To enable cache, you can use either write rules only without “CacheEnable/CacheDisable” directive, or with “CacheEnable/CacheDisable” to define more complicated requirements. The Rewrite rules or the combination of rewrite rules with “CacheEnable/CacheDisable” directives are used to control what to be cached, what's not.

### Rewrite rule only example 1¶

<IfModule LiteSpeed>
RewriteEngine On
RewriteRule (.*\.php)?$- [E=cache-control:max-age=120] </IfModule>  Example 1 enables cache and cache everything for 2 minutes. ### Rewrite rule only example 2:¶ <IfModule LiteSpeed> RewriteEngine On ## cache should be available for HEAD or GET requests RewriteCond %{REQUEST_METHOD} ^HEAD|GET$
## select which pages to cache
# with other condition
RewriteCond %{QUERY_STRING} !s=[a-fA-F0-9]{32}
# excluding certain URLs
RewriteCond %{REQUEST_URI} !/(login|register|usercp|private|profile|cron|image)\.php$# cache for 2 mins for php pages only RewriteRule /(.*\.php)?$ - [E=Cache-Control:max-age=120]
</IfModule>

<IfModule LiteSpeed>
# for those not met above condition, enable private cache.
RewriteCond %{REQUEST_METHOD} ^HEAD|GET$## select which pages to serve from private cache RewriteCond %{HTTP_COOKIE} !page_contain_cachetoken=yes # with other condition RewriteCond %{QUERY_STRING} !s=[a-fA-F0-9]{32} # excluding certain URLs RewriteCond %{REQUEST_URI} !/(login|register|usercp|private|profile|cron|image)\.php$

# private cache for however long set in cache policy for php pages only
RewriteRule /(.*\.php)?$- [L,E=Cache-Control:private] </IfModule>  These rules can be placed in one of the 3 locations below: • .htaccess (last line needs to changed as follows:) RewriteRule (.*\.php)?$ - [E=Cache-Control:max-age=120]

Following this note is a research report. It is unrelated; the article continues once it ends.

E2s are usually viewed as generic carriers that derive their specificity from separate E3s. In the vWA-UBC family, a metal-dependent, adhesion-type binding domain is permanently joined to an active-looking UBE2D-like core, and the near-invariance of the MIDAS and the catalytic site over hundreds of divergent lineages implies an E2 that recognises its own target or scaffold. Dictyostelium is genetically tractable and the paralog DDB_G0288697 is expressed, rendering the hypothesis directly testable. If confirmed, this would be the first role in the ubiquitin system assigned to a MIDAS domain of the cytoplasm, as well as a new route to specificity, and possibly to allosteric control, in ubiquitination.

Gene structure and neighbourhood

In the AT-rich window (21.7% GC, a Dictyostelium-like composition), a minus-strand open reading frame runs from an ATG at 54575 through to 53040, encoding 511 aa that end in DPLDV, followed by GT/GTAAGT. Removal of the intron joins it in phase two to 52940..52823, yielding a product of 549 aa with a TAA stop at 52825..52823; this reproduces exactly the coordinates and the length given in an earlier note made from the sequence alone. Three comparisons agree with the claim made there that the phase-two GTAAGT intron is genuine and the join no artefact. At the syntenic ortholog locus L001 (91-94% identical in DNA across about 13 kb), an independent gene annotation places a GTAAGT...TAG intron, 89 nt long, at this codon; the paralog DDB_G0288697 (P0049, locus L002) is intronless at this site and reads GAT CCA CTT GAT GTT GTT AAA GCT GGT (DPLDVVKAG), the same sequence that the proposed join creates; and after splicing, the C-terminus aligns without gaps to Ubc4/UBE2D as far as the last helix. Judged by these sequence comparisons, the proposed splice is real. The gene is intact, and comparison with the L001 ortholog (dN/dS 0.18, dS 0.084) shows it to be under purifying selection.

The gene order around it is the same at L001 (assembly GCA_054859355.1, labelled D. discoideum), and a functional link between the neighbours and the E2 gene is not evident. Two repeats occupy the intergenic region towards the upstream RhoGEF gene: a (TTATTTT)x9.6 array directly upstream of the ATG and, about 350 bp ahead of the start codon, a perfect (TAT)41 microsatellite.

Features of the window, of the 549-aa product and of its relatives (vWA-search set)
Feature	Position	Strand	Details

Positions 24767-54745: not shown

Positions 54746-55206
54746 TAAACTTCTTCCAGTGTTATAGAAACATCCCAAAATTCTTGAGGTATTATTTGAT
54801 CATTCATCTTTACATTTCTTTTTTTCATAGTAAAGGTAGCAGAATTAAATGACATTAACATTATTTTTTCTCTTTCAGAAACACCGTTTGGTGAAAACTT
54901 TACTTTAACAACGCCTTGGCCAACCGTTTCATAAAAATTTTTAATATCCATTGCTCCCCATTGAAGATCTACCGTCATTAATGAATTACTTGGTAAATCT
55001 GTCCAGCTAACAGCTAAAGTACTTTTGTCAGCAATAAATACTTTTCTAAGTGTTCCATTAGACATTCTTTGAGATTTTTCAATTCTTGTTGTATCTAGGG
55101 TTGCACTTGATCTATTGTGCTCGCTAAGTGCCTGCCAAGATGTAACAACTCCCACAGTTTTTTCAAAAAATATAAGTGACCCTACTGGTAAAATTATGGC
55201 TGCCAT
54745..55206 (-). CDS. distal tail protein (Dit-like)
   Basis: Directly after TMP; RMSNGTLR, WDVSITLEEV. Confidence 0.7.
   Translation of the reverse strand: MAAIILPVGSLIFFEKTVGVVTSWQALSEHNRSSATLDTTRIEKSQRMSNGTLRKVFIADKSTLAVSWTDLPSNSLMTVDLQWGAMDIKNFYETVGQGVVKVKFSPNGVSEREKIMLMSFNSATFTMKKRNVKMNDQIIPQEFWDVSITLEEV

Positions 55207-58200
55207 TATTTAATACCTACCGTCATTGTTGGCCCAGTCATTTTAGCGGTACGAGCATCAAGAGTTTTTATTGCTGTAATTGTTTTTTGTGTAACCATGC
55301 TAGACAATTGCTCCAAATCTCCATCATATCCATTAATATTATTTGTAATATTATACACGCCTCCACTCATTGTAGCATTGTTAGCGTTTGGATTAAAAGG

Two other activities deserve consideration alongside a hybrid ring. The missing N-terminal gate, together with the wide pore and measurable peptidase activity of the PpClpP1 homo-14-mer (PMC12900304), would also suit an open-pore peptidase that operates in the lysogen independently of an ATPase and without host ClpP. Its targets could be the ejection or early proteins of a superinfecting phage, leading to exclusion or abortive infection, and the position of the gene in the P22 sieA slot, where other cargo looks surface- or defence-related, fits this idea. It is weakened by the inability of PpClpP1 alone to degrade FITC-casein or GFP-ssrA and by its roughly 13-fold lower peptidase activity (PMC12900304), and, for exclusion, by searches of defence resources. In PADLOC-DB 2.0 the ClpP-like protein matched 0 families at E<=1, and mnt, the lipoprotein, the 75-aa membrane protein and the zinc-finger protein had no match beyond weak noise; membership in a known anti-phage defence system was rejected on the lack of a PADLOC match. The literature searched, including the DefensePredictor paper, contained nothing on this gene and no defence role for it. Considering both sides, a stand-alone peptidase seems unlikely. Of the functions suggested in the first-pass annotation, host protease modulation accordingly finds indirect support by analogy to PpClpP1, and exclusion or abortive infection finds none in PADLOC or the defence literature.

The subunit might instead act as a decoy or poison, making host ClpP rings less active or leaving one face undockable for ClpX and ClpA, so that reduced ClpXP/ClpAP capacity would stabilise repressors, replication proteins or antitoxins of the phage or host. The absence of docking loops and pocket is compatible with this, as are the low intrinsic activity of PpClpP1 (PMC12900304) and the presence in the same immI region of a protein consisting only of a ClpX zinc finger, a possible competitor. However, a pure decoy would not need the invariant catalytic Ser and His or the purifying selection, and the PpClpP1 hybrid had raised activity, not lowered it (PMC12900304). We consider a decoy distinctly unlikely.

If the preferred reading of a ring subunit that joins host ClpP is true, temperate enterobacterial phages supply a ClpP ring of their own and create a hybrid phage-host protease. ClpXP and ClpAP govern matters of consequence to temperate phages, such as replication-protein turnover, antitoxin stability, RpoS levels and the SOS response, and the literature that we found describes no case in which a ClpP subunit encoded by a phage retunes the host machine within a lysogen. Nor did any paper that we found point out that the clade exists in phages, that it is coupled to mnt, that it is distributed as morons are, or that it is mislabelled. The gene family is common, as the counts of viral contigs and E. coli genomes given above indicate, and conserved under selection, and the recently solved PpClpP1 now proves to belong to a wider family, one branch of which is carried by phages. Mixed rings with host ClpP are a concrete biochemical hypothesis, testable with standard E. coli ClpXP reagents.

RewriteRule (.*\.php)?$- [E=Cache-Control:private]  • VirutalHost secion in Apache config file • LiteSpeed native configuration: Web Admin Console → Configurations → Virtual Hosts → Rewrite ### The combination of Rewrite rules and CacheEnable/Disable directives, example 3:¶ CacheDisable public / RewriteEngine On RewriteRule .* - [L,E=cache-control:max-age=120]  Example 3 CacheDisable directive disables all URL from cache, but rewrite rules enable everything to be cached for 2 mins. In this case, “CacheDisable public /” does not have any impact on the settings. ## Restart LSWS to Make Changes Effective if Changes Made in Apache/LSWS Config¶ If there is any change on the Apache/LSWS config file, you will need to restart LSWS. Admin Console → Actions → Graceful Restart or run /path/to/lsws/bin/lswsctrl restart or 'service lsws restart' from command line. If the changes are made in .htaccess, no need to restart LSWS. ## Verify that pages are served from the cache¶ Open your browsers inspector, by right-clicking and selecting “Inspector” or pressing the F12 key, and refresh the page. Under the “Network” tab look for the HTML page you just loaded and clikc on it to view it's response header. In the response header you should see X-LiteSpeed-Cache: hit to indicate that the page was served from cache successfully. If you see X-LiteSpeed-Cache: miss, reload the page and check again. Note1: Since its 4.0.19 release, LiteSpeed Web Server outputs a response header “X-LiteSpeed-Cache: hit” if a request is served from cache. Note2: Since its 4.1.1 release, LiteSpeed Web Server outputs a response header “X-LiteSpeed-Cache: hit,private” if a request is served from private cache. Note3: The LSCache hit rate is calculated based on all files served. Many of the files served by LSWS, like CSS or HTML, are intentionally not cached by LSCache. Because these files are included in the LSCache hit rate calculation, the hit rate may sometimes look much lower than one might expect. Note4: Will I see “Cache-Control:max-age” header” when I use lscache? No. Please be aware there are two different concepts: Cache-Control:max-age is browser cache header, not cache from the server side. While x-litespeed-cache-control: public,max-age=86400 is lscache control header, which will be seen when cache plugin being used. When using rewrite rules [E=cache-control:max-age=120] to enable cache as instructed in this wiki, you won't see x-litespeed-cache-control at the time of this writing. ## Deleting Outdated Cache Files through Linux Command Using A Cron Job¶ Note: LSWS will now delete expired cache files automatically, making this step optional. A cron job can still be set up to help ensure that the cache works as expected, clearing out pages that may have been misconfigured to have a very long TTL. A cron job should be set to clear out old cache files that are past the set Time To Live (TTL). To do this, you should run the crontab either as the root user or as the cache owner for self-management. crontab -e  The virtual host cache root directory is normally located in /home/$USER/lscache for shared hosting users or /tmp/diskspace for dedicated servers.